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Juide v. Michigan Department of Corrections

United States District Court, E.D. Michigan, Southern Division

October 10, 2019

MACK JUIDE, # 441625, Plaintiff,
v.
MICHIGAN DEPARTMENT OF CORRECTIONS, ET AL., Defendants.

          OPINION AND ORDER OF PARTIAL DISMISSAL

          SEAN F. COX UNITED STATES DISTRICT JUDGE.

         I. Introduction

         Mack Juide is a Michigan state prisoner currently incarcerated at the Oaks Correctional Facility in Manistee, Michigan. Juide, who is proceeding pro se and in forma pauperis, alleges violations of the First and Eighth Amendments, the Americans With Disabilities Act, 42 U.S.C. § 12131, et seq. (ADA), Section 504 of the Rehabilitation Act of 1973, 29 U.S.C. § 794(a) (Rehabilitation Act), and the Michigan Persons With Disabilities Civil Rights Act, Mich. Comp. Laws § 37.1101, et seq. (PDCRA).

         Juide names seven defendants: the Michigan Department of Corrections (MDOC) and six MDOC employees. He seeks monetary and injunctive relief. For the reasons discussed below, the Court dismisses Juide's claims filed under the PDCRA, his claims under the ADA and Rehabilitation Act against Defendants Klee, Chapman, White, Martin, Tanner, and Donaghy in their individual capacities, and his Eighth Amendment claims against the MDOC and against Defendants Klee, Chapman, White, Martin, Tanner, and Donaghy in their official capacities.

         II. Factual Allegations

         Juide states that he is paralyzed from the chest down, and confined to a wheelchair. (Compl. at 4.) According to the complaint, the occurrences giving rise to this lawsuit took place while Juide was incarcerated at the Gus Harrison Correctional Facility (ARF) in 2016.

         Juide claims that while at ARF, he was housed in 3-Unit, “which is ostensibly equipped” to accommodate physically handicapped prisoners. (Comp. at 4.) The handicapped accommodations include a wheelchair lift “to facilitate movement for wheelchair-bound prisoners who are stationed on the lower level of the housing unit.” (Id.) But, Juide asserts, the wheelchair lift was subject to “routine and protracted episodes of disrepair, dilapidation and being out of service.” (Id.) When the wheelchair lift was not functioning, Juide was confined to the lower level of 3-Unit. His confinement to the lower level meant Juide was deprived of access to fresh air and exercise, telephone usage, electronic mail, legal materials and the ability conduct research, healthcare, and medically necessary equipment for hygienic elimination of bodily wastes. (Id. at 4-5.)

         On July 14, 2016, Juide filed a grievance naming defendants Klee, Chapman, Martin, Tanner, and Donaghy, alleging that their failure to maintain the wheelchair lift in working condition violated the ADA. (Id. at 5.) Juide claims that, the day after he filed this grievance, defendants placed him in segregation. (Id. at 5.) The segregation cell was not handicap accessible, forcing Juide to “sit[] upright in his wheelchair for over 13 hours without accessible toilet facilities and languishing in his own bodily waste.” (Id.) The next day, Juide was transferred to a different, level IV, housing unit that also lacked an operable wheelchair lift and accessible toilet facilities. (Id.) Juide alleges that he “wallow[ed] in his own waste for nearly 72 hours.” (Id.)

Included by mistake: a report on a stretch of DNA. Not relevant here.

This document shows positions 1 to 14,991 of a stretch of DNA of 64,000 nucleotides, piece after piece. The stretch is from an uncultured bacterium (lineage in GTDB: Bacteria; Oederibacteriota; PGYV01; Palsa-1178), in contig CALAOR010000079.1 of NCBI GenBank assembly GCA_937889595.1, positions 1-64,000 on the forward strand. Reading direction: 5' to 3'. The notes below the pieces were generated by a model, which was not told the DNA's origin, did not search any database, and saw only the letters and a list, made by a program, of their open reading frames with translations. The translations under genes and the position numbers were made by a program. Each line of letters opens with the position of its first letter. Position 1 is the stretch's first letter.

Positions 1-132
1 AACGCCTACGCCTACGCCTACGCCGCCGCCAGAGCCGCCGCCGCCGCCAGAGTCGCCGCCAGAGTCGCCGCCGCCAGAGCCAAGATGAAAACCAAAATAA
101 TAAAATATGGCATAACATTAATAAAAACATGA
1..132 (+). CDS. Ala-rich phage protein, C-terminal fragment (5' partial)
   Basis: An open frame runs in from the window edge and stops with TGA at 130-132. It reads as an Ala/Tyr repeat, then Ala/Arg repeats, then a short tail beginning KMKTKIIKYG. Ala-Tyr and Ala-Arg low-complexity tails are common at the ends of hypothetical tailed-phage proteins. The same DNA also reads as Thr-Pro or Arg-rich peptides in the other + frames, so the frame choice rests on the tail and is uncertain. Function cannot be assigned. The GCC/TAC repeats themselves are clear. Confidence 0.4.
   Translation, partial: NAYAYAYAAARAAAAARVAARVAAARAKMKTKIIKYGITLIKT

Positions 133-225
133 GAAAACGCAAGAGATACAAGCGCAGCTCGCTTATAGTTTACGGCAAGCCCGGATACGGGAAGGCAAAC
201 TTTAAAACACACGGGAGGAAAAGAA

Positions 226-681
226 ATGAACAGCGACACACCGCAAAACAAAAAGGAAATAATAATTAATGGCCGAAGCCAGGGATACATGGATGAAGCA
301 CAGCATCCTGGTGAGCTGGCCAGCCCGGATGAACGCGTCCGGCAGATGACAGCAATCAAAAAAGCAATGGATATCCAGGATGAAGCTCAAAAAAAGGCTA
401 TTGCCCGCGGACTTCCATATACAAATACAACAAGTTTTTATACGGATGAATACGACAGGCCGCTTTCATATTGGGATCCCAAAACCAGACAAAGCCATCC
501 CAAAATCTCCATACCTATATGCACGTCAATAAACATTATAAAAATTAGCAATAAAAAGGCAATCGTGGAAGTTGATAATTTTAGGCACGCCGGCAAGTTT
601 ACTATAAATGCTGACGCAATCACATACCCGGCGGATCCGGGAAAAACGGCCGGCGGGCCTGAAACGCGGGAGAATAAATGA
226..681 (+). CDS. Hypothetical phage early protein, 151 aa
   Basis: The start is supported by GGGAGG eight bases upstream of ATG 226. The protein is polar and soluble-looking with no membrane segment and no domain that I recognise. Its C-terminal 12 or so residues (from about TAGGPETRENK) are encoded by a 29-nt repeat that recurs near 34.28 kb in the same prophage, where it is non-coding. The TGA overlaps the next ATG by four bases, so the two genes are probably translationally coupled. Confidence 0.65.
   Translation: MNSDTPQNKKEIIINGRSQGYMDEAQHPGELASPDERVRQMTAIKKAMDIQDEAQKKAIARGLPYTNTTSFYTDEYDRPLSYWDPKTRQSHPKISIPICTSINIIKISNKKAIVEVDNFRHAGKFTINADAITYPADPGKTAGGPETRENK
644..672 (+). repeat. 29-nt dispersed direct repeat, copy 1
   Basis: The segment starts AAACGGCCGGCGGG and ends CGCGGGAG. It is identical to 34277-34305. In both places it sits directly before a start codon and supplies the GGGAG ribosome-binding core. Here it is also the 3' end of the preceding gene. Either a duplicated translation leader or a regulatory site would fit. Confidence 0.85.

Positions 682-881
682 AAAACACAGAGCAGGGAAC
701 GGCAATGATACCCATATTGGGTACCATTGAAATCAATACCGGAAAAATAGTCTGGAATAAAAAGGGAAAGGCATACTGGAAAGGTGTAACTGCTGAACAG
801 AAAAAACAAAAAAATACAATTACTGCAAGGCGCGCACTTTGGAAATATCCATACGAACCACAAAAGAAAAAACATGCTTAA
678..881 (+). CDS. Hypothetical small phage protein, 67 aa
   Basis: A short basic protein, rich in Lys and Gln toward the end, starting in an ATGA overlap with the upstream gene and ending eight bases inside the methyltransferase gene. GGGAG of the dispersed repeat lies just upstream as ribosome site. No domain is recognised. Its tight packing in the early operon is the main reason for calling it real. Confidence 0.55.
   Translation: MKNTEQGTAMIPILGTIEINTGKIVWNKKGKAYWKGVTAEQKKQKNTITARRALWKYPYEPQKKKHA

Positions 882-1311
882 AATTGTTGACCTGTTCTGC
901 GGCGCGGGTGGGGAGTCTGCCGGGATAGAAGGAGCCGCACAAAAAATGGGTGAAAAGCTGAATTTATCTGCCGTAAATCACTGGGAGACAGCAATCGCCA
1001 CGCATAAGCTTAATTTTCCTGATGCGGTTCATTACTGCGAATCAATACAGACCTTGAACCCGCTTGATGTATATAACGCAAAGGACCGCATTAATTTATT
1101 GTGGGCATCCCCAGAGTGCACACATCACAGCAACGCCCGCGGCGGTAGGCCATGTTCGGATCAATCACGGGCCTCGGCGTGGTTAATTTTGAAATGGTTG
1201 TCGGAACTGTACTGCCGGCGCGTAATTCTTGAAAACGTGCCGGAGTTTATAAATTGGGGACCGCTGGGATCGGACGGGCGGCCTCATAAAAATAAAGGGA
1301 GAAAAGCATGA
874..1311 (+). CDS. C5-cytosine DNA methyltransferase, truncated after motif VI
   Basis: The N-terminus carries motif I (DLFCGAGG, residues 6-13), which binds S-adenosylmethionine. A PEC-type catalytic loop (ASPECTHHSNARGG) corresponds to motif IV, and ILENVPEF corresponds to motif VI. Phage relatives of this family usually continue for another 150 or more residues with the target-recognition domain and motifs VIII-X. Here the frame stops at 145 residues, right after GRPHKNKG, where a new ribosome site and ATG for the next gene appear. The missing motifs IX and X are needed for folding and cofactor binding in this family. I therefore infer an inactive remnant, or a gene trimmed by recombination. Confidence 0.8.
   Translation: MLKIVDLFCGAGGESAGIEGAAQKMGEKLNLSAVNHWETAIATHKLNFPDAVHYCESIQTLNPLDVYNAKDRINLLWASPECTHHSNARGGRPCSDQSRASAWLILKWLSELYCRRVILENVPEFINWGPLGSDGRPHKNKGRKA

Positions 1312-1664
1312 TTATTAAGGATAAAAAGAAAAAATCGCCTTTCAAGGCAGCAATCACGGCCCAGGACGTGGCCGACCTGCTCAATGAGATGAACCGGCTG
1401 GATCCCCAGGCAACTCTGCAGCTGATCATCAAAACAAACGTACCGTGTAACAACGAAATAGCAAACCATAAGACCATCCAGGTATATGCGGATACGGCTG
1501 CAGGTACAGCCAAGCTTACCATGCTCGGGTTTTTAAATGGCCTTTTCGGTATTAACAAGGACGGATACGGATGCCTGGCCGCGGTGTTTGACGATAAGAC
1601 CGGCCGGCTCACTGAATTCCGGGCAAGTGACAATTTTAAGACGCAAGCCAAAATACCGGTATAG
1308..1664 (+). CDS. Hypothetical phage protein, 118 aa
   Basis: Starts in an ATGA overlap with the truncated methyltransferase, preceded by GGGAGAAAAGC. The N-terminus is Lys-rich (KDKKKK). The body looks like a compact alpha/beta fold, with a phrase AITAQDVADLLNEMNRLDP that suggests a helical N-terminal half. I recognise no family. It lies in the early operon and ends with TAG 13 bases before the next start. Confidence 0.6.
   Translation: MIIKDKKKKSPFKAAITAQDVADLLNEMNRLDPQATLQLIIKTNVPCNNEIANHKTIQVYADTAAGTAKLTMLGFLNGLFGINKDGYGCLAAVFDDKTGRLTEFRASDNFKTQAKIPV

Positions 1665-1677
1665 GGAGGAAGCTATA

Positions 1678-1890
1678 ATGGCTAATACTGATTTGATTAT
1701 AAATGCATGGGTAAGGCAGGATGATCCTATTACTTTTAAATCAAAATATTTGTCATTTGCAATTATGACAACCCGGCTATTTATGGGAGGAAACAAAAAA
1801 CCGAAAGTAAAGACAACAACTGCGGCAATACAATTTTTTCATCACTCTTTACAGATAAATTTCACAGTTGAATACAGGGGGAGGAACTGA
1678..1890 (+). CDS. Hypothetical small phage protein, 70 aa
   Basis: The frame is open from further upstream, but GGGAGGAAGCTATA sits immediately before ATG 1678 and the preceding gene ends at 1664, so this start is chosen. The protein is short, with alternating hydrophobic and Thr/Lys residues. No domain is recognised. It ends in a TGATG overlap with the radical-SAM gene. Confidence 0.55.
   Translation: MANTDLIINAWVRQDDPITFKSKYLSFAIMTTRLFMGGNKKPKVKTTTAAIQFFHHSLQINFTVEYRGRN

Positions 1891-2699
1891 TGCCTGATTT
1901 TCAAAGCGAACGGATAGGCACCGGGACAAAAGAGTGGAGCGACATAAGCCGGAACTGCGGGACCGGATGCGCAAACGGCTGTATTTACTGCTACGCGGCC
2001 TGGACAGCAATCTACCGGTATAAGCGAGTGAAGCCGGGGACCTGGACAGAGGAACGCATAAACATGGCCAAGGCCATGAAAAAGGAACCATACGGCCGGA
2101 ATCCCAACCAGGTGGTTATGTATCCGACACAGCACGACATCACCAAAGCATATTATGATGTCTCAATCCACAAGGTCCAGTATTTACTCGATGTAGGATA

II. Legal Standard

         Under the Prison Litigation Reform Act of 1996 (“PLRA”), the Court is required to sua sponte dismiss an in forma pauperis complaint before service if it determines the action is frivolous or malicious, fails to state a claim upon which relief can be granted, or seeks monetary relief against a defendant who is immune from such relief. See 42 U.S.C. § 1997e(c); 28 U.S.C. § 1915(e)(2)(B). The Court is similarly required to dismiss a complaint seeking redress against government entities, officers, and employees that it finds to be frivolous or malicious, fails to state a claim upon which relief may be granted, or seeks monetary relief from a defendant who is immune from such relief. See 28 U.S.C. § 1915A. A complaint is frivolous if it lacks an arguable basis in law or in fact. Denton v. Hernandez, 504 U.S. 25, 31 (1992); Neitzke v. Williams, 490 U.S. 319, 325 (1989).

         Federal Rule of Civil Procedure 8(a) requires that a complaint set forth “a short and plain statement of the claim showing that the pleader is entitled to relief, ” as well as “a demand for the relief sought.” Fed.R.Civ.P. 8(a)(2), (3). The purpose of this rule is to “give the defendant fair notice of what the . . . claim is and the grounds upon which it rests.” Bell Atlantic Corp. v. Twombly, 550 U.S. 544, 555 (2007) (quoting Conley v. Gibson, 355 U.S. 41, 47 (1957) and Fed.R.Civ.P. 8(a)(2)). While such notice pleading does not require detailed factual allegations, it does require more than the bare assertion of legal conclusions. Twombly, 550 U.S. at 555. Rule 8 “demands more than an unadorned, the defendant-unlawfully-harmed me accusation.” Ashcroft v. Iqbal, 556 U.S. 662, 678 (2009).

         III. Discussion

         A. Michigan Persons With Disabilities Civil Rights Act

         Michigan's Persons with Disabilities Civil Rights Act (PDCRA) provides that a person may not “[d]eny an individual the full and equal enjoyment of the goods, services, facilities, privileges, advantages, and accommodations of a place of public accommodation or public service because of a disability that is unrelated to the individual's ability to utilize and benefit from the goods, services, facilities, privileges, advantages, or accommodations or because of the use by an individual of adaptive devices or aids.” Mich. Comp. Laws § 37.1302(a). The statute specifically excludes application to actions or decisions regarding an individual serving a sentence of imprisonment. See Mich. ...


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